How does a show like “The Price Is Right” pay tribute to military service? Mainly, this came about with a veteran-only audience. And everyone in that audience went home with at least a small prize — the show gave all audience members vouchers for purchases at military stores.
In any taping, Drew Carey pretty much credits the audience with much of the energy seen on “The Price Is Right.” “The contestants should be the energy,” the host said. “You can’t out-entertain the contestants. I’d have to be a maniac to do that … Once you’re out on stage and you hear all the people — if that doesn’t get you pumped up, I don’t know what to tell you.”
Despite that, Carey doesn’t feel quite so happy when the contestants lose. He was talking about one of the Veteran’s Day games and got a little sad about the whole thing. “‘Pay the Rent.’ I have to make sure I explain that one really clearly,” Carey said. “They always pick the cheapest thing and put it in the mailbox — and they always lose $100,000.” With regard to the specific game played for the Veteran’s Day episode, Carey really wanted the contestant to win something. “That poor woman — I wanted to tell her not to go for the $100,000,” he explained. “I really did stop and explain to her really clearly that she’s risking everything. I did everything but tell her not to do it!”
Why does Carey care so much? “I like it when people win. I don’t care what the game is,” he said.
Carey wasn’t exactly intimidated by an audience full of military veterans, but he did feel humbled in their presence. “I don’t know how to take it,” Carey said of audience members who were excited to see him. “I’m just me. I’m just a game-show host … It feels great. But it’s a really humbling thing.”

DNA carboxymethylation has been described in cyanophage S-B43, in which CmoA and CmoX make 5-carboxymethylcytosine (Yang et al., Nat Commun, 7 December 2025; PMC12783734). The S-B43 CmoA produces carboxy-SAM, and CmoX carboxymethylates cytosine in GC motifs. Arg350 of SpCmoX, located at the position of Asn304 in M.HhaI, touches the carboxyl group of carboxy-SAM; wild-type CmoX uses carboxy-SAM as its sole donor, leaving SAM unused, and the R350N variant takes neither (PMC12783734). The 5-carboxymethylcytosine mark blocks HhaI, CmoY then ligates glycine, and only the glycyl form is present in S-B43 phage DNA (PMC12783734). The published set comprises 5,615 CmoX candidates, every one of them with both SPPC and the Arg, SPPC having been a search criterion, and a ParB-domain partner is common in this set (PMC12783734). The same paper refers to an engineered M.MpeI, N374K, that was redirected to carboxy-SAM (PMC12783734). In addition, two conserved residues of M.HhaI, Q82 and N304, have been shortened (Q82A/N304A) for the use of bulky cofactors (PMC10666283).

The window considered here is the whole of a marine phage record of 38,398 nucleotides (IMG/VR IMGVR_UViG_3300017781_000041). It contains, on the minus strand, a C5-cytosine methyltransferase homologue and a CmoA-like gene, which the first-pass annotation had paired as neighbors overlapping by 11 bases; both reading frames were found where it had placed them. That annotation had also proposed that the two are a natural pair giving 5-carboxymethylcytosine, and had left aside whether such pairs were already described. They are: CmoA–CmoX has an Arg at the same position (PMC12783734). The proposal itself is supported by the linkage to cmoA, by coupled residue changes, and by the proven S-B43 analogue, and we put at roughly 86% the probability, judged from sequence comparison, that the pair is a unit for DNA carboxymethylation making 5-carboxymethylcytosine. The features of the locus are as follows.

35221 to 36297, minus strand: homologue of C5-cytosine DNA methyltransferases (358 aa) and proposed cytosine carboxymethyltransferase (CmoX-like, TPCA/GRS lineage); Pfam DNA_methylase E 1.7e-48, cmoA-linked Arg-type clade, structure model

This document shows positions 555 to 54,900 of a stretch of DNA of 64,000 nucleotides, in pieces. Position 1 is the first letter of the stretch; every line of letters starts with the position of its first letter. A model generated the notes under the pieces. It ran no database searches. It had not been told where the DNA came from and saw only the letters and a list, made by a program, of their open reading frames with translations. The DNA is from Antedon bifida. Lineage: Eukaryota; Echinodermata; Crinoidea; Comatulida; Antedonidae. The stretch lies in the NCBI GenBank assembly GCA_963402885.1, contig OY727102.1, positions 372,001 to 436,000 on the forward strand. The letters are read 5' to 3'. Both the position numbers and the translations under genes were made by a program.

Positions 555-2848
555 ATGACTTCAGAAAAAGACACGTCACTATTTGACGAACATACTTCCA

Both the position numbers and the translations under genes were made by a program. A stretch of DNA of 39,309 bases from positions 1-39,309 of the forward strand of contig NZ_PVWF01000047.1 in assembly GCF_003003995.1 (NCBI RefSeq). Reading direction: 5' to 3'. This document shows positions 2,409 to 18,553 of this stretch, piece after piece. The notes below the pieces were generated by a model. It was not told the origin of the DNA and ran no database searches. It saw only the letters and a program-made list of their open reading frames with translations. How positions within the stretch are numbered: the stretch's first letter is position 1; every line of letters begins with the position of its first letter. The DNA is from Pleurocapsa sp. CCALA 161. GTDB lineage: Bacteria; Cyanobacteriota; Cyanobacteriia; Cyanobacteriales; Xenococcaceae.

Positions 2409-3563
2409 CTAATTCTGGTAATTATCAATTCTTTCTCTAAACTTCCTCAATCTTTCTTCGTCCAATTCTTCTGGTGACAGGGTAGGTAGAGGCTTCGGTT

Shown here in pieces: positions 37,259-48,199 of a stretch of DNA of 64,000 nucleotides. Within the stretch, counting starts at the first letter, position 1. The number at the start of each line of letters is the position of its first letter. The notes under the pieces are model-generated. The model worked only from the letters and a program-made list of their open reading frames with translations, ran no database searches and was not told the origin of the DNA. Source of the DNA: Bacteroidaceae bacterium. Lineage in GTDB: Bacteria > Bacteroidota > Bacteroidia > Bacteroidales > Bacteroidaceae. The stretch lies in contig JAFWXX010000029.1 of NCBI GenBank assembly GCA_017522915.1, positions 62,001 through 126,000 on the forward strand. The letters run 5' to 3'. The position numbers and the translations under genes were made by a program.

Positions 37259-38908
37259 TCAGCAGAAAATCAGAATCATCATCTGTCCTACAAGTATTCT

With that audience of veterans from World War II onward, surely there would be some good stories coming out of the audience. One of the best came when the “Price Is Right” contestant producer, a man named Stan, talked to a WWII vet in the line. The veteran turned out to be one of the soldiers that liberated the Buchenwald concentration camp at the end of the war.
This would have been fascinating on its own, but the connection to the producer was almost mind-blowing: His grandfather had been a prisoner there. Tears almost began falling when Stan explained how he essentially existed in part because of this veteran.
Obviously, nothing could top that. But there was an Elvis impersonator and an entire group from the Los Angeles VFW post (who invited Drew Carey to come to visit). As Carey explained, “Everybody was so interesting in the audience today, and everyone had a good story.”
“The Price Is Right” airs daily in syndication.